You said, ” 95% or more game designs never see publication”. Was that hyperbole or did you base that off something?

    That number seems fair, and very likely to be accurate. I was just wondering if there was a place I could read more on that topic/issue.

    • Tom Jolly Author on April 8, 2014

      I based it off personal experience. This is a summation of game designs I have on my shelf (a lot) and game designs I’ve actually sold to companies that never went to print, which is probably another 25% of the total. Of course, some of the rejections DID see print eventually, but they were altered by so much, I can’t really call them the same games. I easily have 50 designs on the shelf. Maybe 80% would have been a more accurate figure (and really, Kickstarter might have changed this number…I wrote the article before Kickstarter existed – then again, you have to look at the number of Kickstarter failures). Most of the figure just comes from designs that I haven’t been satisfied with and shelved, or that were rejected after submission and I never resubmitted. For an accurate number, I guess one would have to interview a dozen game designers with at least one sale, and figure out a way to quantify the enormous number of people out there who have designed games with no clue whatsoever about how to get it to market, or no desire to (I get emails every week from the first category).

  5. Eric @ Devious Devices on April 8, 2014

    Thank you for the read, Tom!
    This is a constant fear I and my partner in design have when thinking up new game. At last year’s Metatopia event in NJ, the first panel I attended was called “The Best Ideas To Steal From Other Games” which both worried me and intrigued me before heading in. It turned out to be a lot of insightful discussion on NOT ripping off game ideas and was more focused on how many games use similar mechanics. It really is difficult to come up with new mechanics and there are times where you may really like one specific system of a game so much that you want to design an entirely different one around it. If it is really just a small fraction of the systems used in your game and the rest are very dissimilar, I feel it’s justified to utilize that (and even give credit to the original designer!).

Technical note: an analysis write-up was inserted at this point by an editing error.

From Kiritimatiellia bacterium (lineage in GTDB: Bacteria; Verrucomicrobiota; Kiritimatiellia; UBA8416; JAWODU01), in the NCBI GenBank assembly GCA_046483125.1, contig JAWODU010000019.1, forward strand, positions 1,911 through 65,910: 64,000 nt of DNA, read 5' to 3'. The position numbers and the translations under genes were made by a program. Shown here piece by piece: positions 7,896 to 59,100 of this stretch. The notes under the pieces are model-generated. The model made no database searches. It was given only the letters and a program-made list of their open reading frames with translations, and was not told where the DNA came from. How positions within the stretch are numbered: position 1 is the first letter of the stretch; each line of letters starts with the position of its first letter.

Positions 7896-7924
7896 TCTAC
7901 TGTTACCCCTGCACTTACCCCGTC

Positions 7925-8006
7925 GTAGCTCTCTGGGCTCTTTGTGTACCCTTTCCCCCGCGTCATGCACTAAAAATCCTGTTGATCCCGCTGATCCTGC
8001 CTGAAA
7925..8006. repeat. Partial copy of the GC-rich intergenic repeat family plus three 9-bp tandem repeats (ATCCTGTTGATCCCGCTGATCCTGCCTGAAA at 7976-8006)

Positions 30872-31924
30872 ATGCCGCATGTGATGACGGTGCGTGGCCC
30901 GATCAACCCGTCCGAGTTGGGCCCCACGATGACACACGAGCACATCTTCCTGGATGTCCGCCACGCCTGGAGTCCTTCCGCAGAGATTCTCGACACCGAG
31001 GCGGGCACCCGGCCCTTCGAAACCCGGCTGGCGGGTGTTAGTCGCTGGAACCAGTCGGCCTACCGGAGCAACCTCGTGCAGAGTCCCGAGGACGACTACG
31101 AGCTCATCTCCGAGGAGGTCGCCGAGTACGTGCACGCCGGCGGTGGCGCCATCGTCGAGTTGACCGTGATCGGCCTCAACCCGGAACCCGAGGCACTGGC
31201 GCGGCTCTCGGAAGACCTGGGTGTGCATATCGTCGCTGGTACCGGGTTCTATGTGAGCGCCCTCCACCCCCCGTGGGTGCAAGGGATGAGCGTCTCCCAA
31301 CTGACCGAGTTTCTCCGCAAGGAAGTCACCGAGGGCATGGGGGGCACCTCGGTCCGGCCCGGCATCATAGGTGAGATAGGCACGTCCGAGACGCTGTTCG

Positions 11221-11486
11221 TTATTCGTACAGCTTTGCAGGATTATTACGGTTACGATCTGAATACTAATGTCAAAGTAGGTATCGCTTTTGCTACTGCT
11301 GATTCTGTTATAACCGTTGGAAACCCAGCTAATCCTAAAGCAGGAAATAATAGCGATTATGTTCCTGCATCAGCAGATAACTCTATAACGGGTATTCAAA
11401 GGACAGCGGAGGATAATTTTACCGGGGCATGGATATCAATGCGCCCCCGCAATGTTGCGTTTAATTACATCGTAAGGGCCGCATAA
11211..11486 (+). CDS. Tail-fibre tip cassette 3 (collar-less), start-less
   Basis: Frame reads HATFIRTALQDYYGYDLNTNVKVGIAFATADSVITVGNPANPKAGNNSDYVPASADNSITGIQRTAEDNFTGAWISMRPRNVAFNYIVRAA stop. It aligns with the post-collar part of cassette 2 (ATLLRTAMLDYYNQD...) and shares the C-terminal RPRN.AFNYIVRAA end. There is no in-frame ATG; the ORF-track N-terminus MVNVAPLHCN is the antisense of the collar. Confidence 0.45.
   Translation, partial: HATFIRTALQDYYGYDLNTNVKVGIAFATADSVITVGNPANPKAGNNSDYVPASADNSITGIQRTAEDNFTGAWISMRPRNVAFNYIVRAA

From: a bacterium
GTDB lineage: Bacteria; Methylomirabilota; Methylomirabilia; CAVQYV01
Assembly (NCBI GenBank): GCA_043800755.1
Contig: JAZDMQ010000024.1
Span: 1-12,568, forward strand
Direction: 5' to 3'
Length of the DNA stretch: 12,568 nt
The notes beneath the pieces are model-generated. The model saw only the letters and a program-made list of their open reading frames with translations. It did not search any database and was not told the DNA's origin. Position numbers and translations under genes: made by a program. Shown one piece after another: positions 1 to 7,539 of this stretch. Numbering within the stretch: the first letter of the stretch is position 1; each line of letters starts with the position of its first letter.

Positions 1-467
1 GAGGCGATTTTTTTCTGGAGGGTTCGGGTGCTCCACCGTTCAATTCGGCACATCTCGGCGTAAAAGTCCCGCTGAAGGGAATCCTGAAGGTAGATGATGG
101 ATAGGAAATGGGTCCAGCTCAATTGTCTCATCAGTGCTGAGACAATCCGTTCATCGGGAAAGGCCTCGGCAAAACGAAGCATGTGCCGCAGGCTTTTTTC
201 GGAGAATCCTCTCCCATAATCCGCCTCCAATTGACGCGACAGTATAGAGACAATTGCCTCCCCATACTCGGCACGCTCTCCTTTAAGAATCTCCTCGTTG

Of course since I have adopted that mindset, we have had almost no “favorite” mechanics make it passed the first round of design. Go figure 🙂

  6. Zen on April 24, 2014

    Your article may be encouraging to some, but you are glossing over that indeed idea theft does happen in the game industry. Just because you say that people should not worry about it, does not prevent it from happening either. In reality there is little that can be done to stop it.

    • Tom Jolly Author on April 24, 2014

      Quite true; the best way to “protect” a game idea is to get to the market first with it, and dominate (as with, for example, Dominion and MtG, which both spawned dozens of copycats and derivative projects). I can’t think of any actual direct “theft” in my experience, where something is blatantly copied, or I would have mentioned it; generally, something has to be quite successful for someone else to bother cloning it. As you point out, there’s little you can do to stop it; copyright, trademark, and patents do little to regulate or control derivative products, and you have to be able to afford to take someone to court if there is an abuse; rare in the game industry (though WotC, Parker Brothers, and the Settlers folk have spent plenty of time in court protecting their existing products – but they had the bucks to do so).

  7. Derik@Lagniappe on June 25, 2014

    Thanks for the “reassuring” article 🙂 your last comment here about getting to market first and dominating is exactly what I’ve been telling my friends. Great stuff!

  8. Brandon on April 30, 2015

    I had a similar experience at Unpub San Jose last weekend. I met a designer and play tested a game so similar to a project ‘hidden in my vault’ that I brought it the next day just to ensure I wasn’t accused in the future. I imagine with the exponentially growing number of’would be game designers Kickstarter is inviting, coincidence will occur. Thanks for sharing your expertise Tom. If it hasn’t dissuaded you, then there is hope for us all.

    Perhaps someone from the League can share a thought on a related phenomenon. I see an increasing number of attempts at copying when I am at design events. A small (but growing?) number of designers trying to make a game that is so clearly a copy/reskin of an existing game that I worry about their knowledge of IP. Mechanics and themes are certainly going to fall into Tom’s ‘happy coincidence’ category, but I wonder if others have seen this cropping up and have thoughts about it.

    BTW- I cant say I have ever seen one get published, so likely the publishers are sparing the designer from a legal incident..

    • Tom Jolly on April 30, 2015

      Hi, Brandon. The whole phenomena of people copying successful mechanics got talked about (a little) in my other article, “The Next Bid Idea in Games” or whatever the title was – something like that. The tendency for a batch of clones to arise after one success comes out is inevitable in a free market. Really, true in any discipline.